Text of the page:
accelerator services


x-innovate is an accelerator services company, working with start-up and early stage creative tech businesses to accelerate growth. We have an innovative business model enabling us to take a long-term view and provide highly person-centred approaches to support at the critical stages for businesses with growth potential. Our approach is focused in 5 key areas:

  • Responsibility – clearly defined roles and a strong onus on the entrepreneur
  • Flexibility – support that is in tune with the needs of the client
  • Collaboration – a positive approach to helping clients to define, develop and deliver projects
  • An appetite for new ventures – we support the development of exciting ideas with uncertain business cases
  • Complete honesty from all parties and high trust relationships – we are on the same side of the table as the client

We do not have a shiny building, and run our support programme on a dispersed model providing help to businesses wherever they are based.  We have a very high degree of flexibility and autonomy.

Who We Are

Brian Condon


Brian Condon’s work helps people make decisions and take action.  He brings energy, enthusiasm and independence of thought.  He commits to the mission of the client, supports the executive team and he’s skilled at mediation and conflict resolution.

Prior to x-innovate, he co-founded the Centre for Creative Collaboration (“C4CC”) a joint venture between four of the UK’s leading universities.  C4CC supported collaboration and innovation between companies large and small, Universities, freelancers and microbusinesses.  A 5 year project beginning in 2010, C4CC helped students and recent graduates start digital and creative businesses – with 37 start-ups in the last 2 years creating over 100 jobs.

Matty Peacock


Matt has a background public sector innovation support services and private sector management consultancy, working closely with universities and a variety of business sectors.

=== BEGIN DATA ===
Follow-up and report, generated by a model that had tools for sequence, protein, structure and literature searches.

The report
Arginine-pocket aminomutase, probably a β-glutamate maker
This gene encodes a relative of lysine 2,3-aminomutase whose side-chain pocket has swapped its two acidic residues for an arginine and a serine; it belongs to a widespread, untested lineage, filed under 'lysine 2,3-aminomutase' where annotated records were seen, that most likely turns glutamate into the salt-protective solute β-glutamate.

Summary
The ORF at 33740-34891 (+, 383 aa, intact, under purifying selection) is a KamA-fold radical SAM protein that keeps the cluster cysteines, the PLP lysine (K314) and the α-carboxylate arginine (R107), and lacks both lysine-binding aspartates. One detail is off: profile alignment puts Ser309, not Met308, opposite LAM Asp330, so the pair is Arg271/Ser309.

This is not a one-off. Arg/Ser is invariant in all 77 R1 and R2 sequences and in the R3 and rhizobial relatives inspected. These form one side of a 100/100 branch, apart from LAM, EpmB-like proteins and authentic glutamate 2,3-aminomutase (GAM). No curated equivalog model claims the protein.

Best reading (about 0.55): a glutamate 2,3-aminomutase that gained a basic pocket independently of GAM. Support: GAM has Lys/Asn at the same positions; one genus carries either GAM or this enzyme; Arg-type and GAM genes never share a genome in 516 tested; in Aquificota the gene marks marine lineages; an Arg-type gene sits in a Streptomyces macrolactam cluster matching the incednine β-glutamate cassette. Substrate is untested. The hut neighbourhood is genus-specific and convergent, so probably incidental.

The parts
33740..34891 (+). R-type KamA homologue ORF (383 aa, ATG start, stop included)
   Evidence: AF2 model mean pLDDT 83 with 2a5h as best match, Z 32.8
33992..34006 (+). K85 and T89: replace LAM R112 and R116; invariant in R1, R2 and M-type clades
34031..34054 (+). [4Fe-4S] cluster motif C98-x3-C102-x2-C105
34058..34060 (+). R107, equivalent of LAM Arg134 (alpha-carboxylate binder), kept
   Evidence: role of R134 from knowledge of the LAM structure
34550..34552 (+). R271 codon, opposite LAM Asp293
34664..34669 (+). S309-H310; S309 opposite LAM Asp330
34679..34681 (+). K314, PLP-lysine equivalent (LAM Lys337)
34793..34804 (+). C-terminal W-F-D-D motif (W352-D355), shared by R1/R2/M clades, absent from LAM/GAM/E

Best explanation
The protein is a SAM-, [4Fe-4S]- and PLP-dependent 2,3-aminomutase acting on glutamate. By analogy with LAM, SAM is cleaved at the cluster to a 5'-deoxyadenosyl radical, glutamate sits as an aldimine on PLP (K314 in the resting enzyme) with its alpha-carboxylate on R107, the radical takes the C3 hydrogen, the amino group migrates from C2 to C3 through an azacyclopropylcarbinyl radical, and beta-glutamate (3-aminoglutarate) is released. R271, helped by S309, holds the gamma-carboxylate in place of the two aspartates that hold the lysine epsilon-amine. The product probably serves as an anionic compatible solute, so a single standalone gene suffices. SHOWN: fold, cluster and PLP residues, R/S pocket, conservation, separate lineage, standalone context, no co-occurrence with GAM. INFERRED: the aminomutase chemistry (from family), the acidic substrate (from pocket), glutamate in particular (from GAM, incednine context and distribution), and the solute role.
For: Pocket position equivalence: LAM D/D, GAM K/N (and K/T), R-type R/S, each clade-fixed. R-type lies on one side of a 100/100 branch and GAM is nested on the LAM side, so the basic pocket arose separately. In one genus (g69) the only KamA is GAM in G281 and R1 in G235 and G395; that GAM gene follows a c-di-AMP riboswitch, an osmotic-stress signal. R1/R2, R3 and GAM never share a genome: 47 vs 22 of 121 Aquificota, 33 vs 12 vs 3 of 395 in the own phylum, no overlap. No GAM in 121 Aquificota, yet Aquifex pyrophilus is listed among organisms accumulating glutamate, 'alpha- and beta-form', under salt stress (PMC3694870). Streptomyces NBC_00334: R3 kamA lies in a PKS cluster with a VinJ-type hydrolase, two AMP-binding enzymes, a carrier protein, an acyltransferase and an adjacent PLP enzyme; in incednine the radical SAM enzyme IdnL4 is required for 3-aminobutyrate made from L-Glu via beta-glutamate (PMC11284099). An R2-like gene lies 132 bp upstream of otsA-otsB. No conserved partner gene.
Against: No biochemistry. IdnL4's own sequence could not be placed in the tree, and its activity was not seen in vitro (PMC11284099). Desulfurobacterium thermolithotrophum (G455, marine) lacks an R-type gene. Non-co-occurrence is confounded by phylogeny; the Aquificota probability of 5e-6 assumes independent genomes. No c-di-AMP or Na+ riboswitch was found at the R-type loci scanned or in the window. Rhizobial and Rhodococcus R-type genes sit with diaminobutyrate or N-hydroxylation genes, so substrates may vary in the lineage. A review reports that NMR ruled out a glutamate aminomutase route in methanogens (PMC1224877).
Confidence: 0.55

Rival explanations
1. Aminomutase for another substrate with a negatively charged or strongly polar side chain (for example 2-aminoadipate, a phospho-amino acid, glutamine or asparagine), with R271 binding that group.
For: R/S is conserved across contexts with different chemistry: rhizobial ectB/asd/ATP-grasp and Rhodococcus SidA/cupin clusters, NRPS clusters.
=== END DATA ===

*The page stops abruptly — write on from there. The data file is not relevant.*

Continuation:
He has advised, designed and project managed a number of innovation environment projects, and has advised UK and Welsh Government on start-up support policy.

He is an entrepreneur, a Director of a non-profit and a PRINCE2 practitioner.

Who we are looking for

  • Ambitious entrepreneurs with great ideas
  • Complete honesty and transparency from both sides
  • Committed partner clients that are prepared to collaborate
  • Diligent and capable people prepared to build projects over the long-term (we do not want to work with entrepreneurs whose main purpose is to achieve quick sale)

How it works

Finding partner clients

We utilise our extensive network around academia to engage with entrepreneurs with projects/businesses at pre-start, start-up, and early stage. We seek independent recommendations and ask prospective clients for a concise proposal. While the provision of support services will usually run for one year, we do not ask for proposals to be submitted by a certain date.

We have a small target number of clients to work with each year, and we prefer to ensure that our process is flexible and chimes with the needs of the client. We also request that any unsolicited proposals we receive are accompanied by a reference (usual standards apply).

We hold an initial meeting with prospective clients to gauge the key pillars of success for any start-up – the idea and the people. Our assessment is therefore informal as we talk through the ideas and get to know the people. We will become de facto partners in each client project as our incentives will be – uniquely in the market – aligned to the success of each project.  Our support process depends upon a high level of mutual trust, so the initial meeting is very much a two-way process and is extremely important in establishing if we are able to work together.  

We are looking to engage with partner clients who take a long term sustainable approach to business development.

The Programme

We then work with our equally extensive network of contacts from blue chips, “unicorns” (a term we dislike!), professional services, and across sectors to provide a tailored programme of support to clients. This support includes; strategy, mentoring, network introductions, business planning advice, team-building and the provision of working capital.